Science Fair Project Encyclopedia
A schooner is a type of sailing ship characterized by the use of fore-and-aft sails on two or more masts. Schooners were first used by the Dutch in the 16th or 17th century, and further developed in North America from the time of the American Revolution.
The schooner sail-plan has two or more masts with the forward mast being shorter or the same height as the rear masts. Most of these schooners are gaff rigged . Alternatives include the topsail schooner with one or two square rigged topsails on the foremast, and the staysail schooner with staysails only on the foremast. There was no set maximum number of masts for a schooner. A small schooner has two or three masts, but they were built with as many as six or seven masts to carry a larger volume of cargo. The only seven-masted (steel hulled) schooner, the Thomas W. Lawson , was built in 1902, with a length of 395 ft (120 m) and carrying 25 sails with 43,000 ft² (4,000 m²) of sail. A schooner is quite maneuverable and can be sailed by a smaller crew than some other sailing vessels.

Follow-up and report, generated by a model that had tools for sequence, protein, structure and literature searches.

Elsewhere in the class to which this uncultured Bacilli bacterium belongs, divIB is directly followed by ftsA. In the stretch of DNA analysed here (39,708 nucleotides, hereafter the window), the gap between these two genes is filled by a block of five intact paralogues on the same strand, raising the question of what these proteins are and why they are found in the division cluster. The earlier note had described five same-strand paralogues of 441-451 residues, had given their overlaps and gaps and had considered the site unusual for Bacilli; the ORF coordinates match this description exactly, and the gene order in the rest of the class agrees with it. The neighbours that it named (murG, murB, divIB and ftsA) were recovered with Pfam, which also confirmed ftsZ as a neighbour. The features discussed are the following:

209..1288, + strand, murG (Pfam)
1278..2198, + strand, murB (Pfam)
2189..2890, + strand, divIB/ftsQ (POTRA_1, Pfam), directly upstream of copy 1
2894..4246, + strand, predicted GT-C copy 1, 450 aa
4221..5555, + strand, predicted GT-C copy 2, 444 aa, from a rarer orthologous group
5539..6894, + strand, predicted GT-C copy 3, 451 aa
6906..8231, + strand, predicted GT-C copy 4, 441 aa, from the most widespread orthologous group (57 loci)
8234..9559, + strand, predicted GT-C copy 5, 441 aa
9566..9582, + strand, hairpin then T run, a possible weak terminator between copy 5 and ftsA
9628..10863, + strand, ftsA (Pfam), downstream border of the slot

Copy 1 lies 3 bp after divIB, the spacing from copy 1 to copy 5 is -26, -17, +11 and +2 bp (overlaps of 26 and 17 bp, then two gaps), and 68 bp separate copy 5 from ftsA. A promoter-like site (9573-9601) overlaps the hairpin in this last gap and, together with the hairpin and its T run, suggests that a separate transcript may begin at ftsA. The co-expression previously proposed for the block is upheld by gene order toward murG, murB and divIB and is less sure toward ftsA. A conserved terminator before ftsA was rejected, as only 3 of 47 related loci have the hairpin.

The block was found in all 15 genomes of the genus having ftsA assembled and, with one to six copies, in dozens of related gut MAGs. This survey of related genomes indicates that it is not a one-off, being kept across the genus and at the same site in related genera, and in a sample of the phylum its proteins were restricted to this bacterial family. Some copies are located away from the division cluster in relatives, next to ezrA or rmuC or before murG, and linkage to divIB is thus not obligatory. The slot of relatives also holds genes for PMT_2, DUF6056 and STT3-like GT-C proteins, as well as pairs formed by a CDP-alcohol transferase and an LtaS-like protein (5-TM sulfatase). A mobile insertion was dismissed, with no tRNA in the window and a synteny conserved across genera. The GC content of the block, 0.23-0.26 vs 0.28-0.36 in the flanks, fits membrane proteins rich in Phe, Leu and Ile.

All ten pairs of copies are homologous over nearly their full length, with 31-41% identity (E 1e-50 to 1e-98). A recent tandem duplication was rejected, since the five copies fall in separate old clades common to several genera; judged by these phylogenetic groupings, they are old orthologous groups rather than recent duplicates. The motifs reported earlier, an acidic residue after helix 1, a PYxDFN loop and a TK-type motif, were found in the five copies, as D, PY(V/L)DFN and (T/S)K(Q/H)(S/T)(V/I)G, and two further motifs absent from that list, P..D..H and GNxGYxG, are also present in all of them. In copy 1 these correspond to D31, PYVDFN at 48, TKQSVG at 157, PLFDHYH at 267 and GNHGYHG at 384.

Schooners were frequently rigged with a schooner rig.
Schooners were used to carry cargo in many different environments, from ocean voyages, to coastal runs and on large inland bodies of water. They were popular in North America, and in their heyday of the late 1800s over 2000 schooners carried cargo back and forth across the Great Lakes. Three-masted "terns" were a favourite rig of Canada's Maritime Provinces. A two-masted schooner, the Bluenose, became greatly celebrated.
1, bowsprit, with martingale to the stem; 2, fore-topmast-stay, jib and stay-foresail; 3, fore-gaff-topsail; 4, foresail and mainstays; 5, main-gaff-topsail; 6, mainsail; 7, end of boom.
Technically speaking, a two-masted schooner is not a "ship" because it has fewer than three masts. In common parlance this distinction is rarely adhered to.
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